TONY BLAIR’S LEGACY
I confess I have not yet finished reading Anthony Seldon’s intriguing biography of Tony Blair, ably reviewed in your most recent issue by Lewis Allan (Trinity 2005). I would like to venture one comment, however, to those who seem intent on discounting Blair’s achievements with snide snickerings as to the paucity of any ‘legacy’.
Effective leadership in politics, especially in our mass-market, television age, is a fundamental prerequisite. This rings true even more so for parties attempting to flush long-standing, ‘natural’ governing parties from power. Ask the Conservatives in Canada—relegated to opposition status for 55 of the last 70 years. Ask the Democrats in Washington—who failed dramatically last November against one of the most vulnerable incumbents in American history. Ask the Federal Australian Labor party, out of power since 1996 and now reduced to recycling a former leader, Kim Beazley. They all lack a competent, charismatic standard-bearer in the Blairite mould to restore their side to government.
So dispute the meaning and extent of his legacy, by all means. Smile sardonically at his growing lame duck status. But do not discount the realignment in the British political landscape since Blair took over as Labour leader in 1994. There is legacy enough in that.
Halifax, Nova Scotia, Canada
(formerly of St. Hugh’s College, Oxford)
THE ETHICS OF US NATION BUILDING
Dominik Zaum raises a number of important practical challenges confronting nation builders in his thoughtful review of Noah Feldman’s book (Trinity 2005). Most notably, Mr Zaum finds Feldman’s central ethical constraint on American nation building—that US objectives and means must at all times coincide with those of the Iraqi people—‘politically unconvincing’ given the pressures of geopolitical necessity. While this issue cannot be dismissed lightly, given the US record of subordinating moral principle to perceived national interest, Mr Zaum fails to show that Feldman’s ethical arguments ‘are full of problems.’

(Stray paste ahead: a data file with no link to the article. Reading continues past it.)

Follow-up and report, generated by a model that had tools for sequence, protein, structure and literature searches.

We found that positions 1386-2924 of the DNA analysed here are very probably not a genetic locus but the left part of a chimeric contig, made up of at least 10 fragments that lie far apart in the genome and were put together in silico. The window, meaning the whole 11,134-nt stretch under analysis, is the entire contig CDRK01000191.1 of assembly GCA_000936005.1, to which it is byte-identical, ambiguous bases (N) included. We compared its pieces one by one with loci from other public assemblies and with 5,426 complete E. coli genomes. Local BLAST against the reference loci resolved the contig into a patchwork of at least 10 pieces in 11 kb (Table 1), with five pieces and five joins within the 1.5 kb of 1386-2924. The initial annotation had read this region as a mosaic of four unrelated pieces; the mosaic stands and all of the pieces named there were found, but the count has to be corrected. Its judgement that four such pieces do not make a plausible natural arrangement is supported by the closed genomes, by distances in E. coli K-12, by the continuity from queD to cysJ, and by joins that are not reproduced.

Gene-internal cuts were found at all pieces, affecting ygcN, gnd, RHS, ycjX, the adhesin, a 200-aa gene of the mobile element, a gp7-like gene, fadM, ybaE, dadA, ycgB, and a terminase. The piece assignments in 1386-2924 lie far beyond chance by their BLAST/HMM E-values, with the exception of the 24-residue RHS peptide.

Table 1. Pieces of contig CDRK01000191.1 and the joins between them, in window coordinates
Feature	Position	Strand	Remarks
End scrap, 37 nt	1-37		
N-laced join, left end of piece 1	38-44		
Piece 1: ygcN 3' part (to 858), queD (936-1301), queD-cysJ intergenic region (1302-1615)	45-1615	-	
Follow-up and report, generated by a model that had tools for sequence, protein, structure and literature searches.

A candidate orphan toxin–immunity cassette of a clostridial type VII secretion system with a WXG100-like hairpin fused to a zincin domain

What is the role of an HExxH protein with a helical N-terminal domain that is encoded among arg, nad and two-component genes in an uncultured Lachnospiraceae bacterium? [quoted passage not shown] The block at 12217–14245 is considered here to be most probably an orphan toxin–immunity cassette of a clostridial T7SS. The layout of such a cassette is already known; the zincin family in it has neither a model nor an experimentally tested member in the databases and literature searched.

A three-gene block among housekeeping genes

What is different about Feldman’s liberal internationalist view of nation building is the unity of ideals and interests it implies. The point is that America’s vital security interest now is the promotion of liberal democracy in the Middle East and other countries where the US has supported authoritarian regimes in the past.
Yes, there will continue to be double standards and conflicts between short-term US anti-terrorist tactics and the long-term American goal of spreading democracy, as the US cooperation with Afghan warlords in the fight against Al-Qaeda shows. But Feldman’s argument about the overarching coincidence of interests holds up. Whenever the US undermines principles of democratic trusteeship in the course of nation building, it is sowing seeds of resentment and jeopardizing its own security.
Trinity College, Oxford
NOAM CHOMSKY’S POLITICS
I read with interest Michel Paradis’s recent review of Government in the Future (Trinity 2005). As Mr Paradis notes, despite the frailty of Chomsky’s proposals for future governance, he remains an extraordinarily influential figure, clearly demonstrated by his recent selection as ‘the world’s number one public intellectual’ in a poll conducted by Prospect.
The key to Chomsky’s popular appeal appears to lie in his ‘paired examples’ technique, in which he describes a pair of foreign policy situations that are objectively very similar but where the reaction of the West has been profoundly different: say, the treatment of the Kurds by Saddam Hussein versus their treatment by the Turkish government, an ally and a member of NATO. If our governments follow a principled foreign policy, as they claim, they should react in the same way to the same situation. That they do not discredits their claims and points to hidden motives.
Chomsky’s credibility stems from this contrast between his own apparently relentless consistency and the apparent hypocrisy of the Western establishment. Any challenge to Chomsky must begin by pointing out the inconsistencies in his position, as Mr Paradis does, but must also be prepared to give an account of Western foreign policy that answers the accusations Chomsky has put so forcefully. Namely, the world is a far more uncertain place than Chomsky and his followers would like to admit, and even statesmen with the best of intentions will sometimes have no option but to choose between evils.
Nuffield College, Oxford